This should cover the subject in basic form and again, I am happy to continue dialog about this and look forward to hearing your insights.

Naturally I bring up this issue in the same manner as the others. This is a last resort. To take someone's life is nothing trivial, in fact it has the gravest of consequences. If you need to cause cardiac arrest it is most certainly because you have no other choice but to take the life of the person who is trying to take your own.
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Re: Heart (part 2)

Postby San Soo Sifu » Mon Mar 24, 2014 3:57 am

Dennis Kirby wrote:From: MasterBear1
To: Sifu Dave
7/12/01

Dave,
Great post, you have answered a question that has haunted me for several years. About 10 years ago, I was demonstrating a technique for a student.

Opponent throws a left punch.
Left up windmill block.
Step in front of the opponent.
Right forward elbow to the back of his neck.
Left knee straight up into his heart.

I did this on a student that was a very good friend (and still is, in spite of this incident). After the elbow, I snapped the knee up into the heart, at the time he was bent over. He popped up standing straight up, and then fell straight backwards, very hard. I thought initially that he was joking around. So in typical fashion, I jump stomped him on the heart. It took about 20 seconds, and I noticed he did not respond, and I started to worry. I felt for a pulse and there was one, he got up but was incoherent for about ten minutes. Freaked me out! I thought I had done some real damage, unintentinally. He finally came around, but he later told me he was mentally screwed up for several days, and would have lapses in thought, and then come back. I always wondered if I had stopped his heart with the knee, it did not feel different that other knees that I had thrown, but with the bent over position, and the staight up action of the knee, I wondered. Can you give me your opinion on what might have happened. I do know that if I had wanted to kill him there would have been no resistance, he was definitely unconsious.
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Re: Heart (part 2)

Postby San Soo Sifu » Mon Mar 24, 2014 4:05 am

Dave Lorenson wrote:From: Sifu Dave
To: MasterBear1
7/13/01

Yikes, pretty close call in my opinion. Of course, I wasn't there, but it is entirely possible that his heart did stop from the impact of the knee. Another possibility is that he may have lost consciousness from the shock of the impact without actual cardiac arrest. Either way, the results could be similar.

One thing to note is that people react differently to the same amount of force. Perhaps, he had a propensity for the reaction he had (similar to a "glass jaw" situation).
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Re: Heart (part 2)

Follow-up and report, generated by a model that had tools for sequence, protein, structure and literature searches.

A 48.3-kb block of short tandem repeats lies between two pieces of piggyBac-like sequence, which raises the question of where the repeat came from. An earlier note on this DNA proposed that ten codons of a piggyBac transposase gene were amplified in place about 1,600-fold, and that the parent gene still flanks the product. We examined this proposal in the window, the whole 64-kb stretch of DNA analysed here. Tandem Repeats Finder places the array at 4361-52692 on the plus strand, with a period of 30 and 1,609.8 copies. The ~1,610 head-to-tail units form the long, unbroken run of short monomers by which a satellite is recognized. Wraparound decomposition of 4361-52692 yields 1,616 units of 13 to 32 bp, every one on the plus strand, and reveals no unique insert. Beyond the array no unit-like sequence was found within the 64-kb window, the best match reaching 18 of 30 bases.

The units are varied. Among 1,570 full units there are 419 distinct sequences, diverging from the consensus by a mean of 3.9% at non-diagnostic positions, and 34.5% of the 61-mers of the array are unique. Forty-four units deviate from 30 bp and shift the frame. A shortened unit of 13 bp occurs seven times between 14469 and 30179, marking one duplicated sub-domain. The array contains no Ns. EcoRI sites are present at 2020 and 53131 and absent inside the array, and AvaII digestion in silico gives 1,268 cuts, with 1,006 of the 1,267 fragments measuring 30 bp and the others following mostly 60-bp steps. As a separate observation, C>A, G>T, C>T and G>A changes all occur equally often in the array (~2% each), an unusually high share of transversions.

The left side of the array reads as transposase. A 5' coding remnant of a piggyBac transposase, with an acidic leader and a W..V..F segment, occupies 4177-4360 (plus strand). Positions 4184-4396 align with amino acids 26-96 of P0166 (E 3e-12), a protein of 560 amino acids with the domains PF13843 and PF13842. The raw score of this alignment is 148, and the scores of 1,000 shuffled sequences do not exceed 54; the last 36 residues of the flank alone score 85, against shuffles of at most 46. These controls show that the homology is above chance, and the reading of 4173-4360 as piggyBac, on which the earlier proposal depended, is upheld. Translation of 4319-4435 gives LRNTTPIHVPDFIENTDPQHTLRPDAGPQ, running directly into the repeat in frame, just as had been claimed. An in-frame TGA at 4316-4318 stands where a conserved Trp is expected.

Postby San Soo Sifu » Mon Mar 24, 2014 4:13 am

San Soo Sifu wrote:From: San Soo Sifu
To: All
7/13/01

Aim for the lower portion of the pectoralis major, where the muscle meets the "fold of skin" above the ribcage. Between the left nipple and the solar plexus. That should give a Kung-Fu San Soo practitioner a good target reference for the heart.
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Re: Heart (part 2)

Postby San Soo Sifu » Mon Mar 24, 2014 4:23 am

Dave Lorenson wrote:From: Sifu Dave
To: Malakhi
10/1/02

Good questions!

"How effective is punching the heart in the heat of combat?"

It can be most effective depending on whether it is executed correctly or not. The heart can be struck from different angles - some are more effective than others.

"How do you penetrate deep enough through the muscle tissue and bone to disrupt the heart itself?"

With properly placed strikes with plenty of force the impact can directly affect the heart. By the time the shockwave gets to the heart itself it is much more blunt in nature than at the point of impact. One knuckle punches are effective because of this, but conversly palm strikes are also effective, because a blunt strike in the right region also carries quite well through the chest wall.

"Does it revolve around using your body weight?"

Body weight is of course important in striking, but it is much more than just weight. Instead it is proper mechanics. For someone who is lighter, it is even more important that they use momentum, centrifugal force, balance, proper timing, etc to their advantage.

Yes, the sternum can be broken, but it is not necessary to break the sternum to cause an arrest. The blunt force to the myocardium (heart muscle) can cause the fibers to stop their efforts. Of course cardiac arrest is not the only complication that can be caused by a well executed strike to this region. You can also bring about a condition called cardiac tamponade, where the pericardial sac begins to fill with fluid which puts pressure around the muscle itself - eventually this will stop the heart as well, even though the electrical impulses are not interrupted.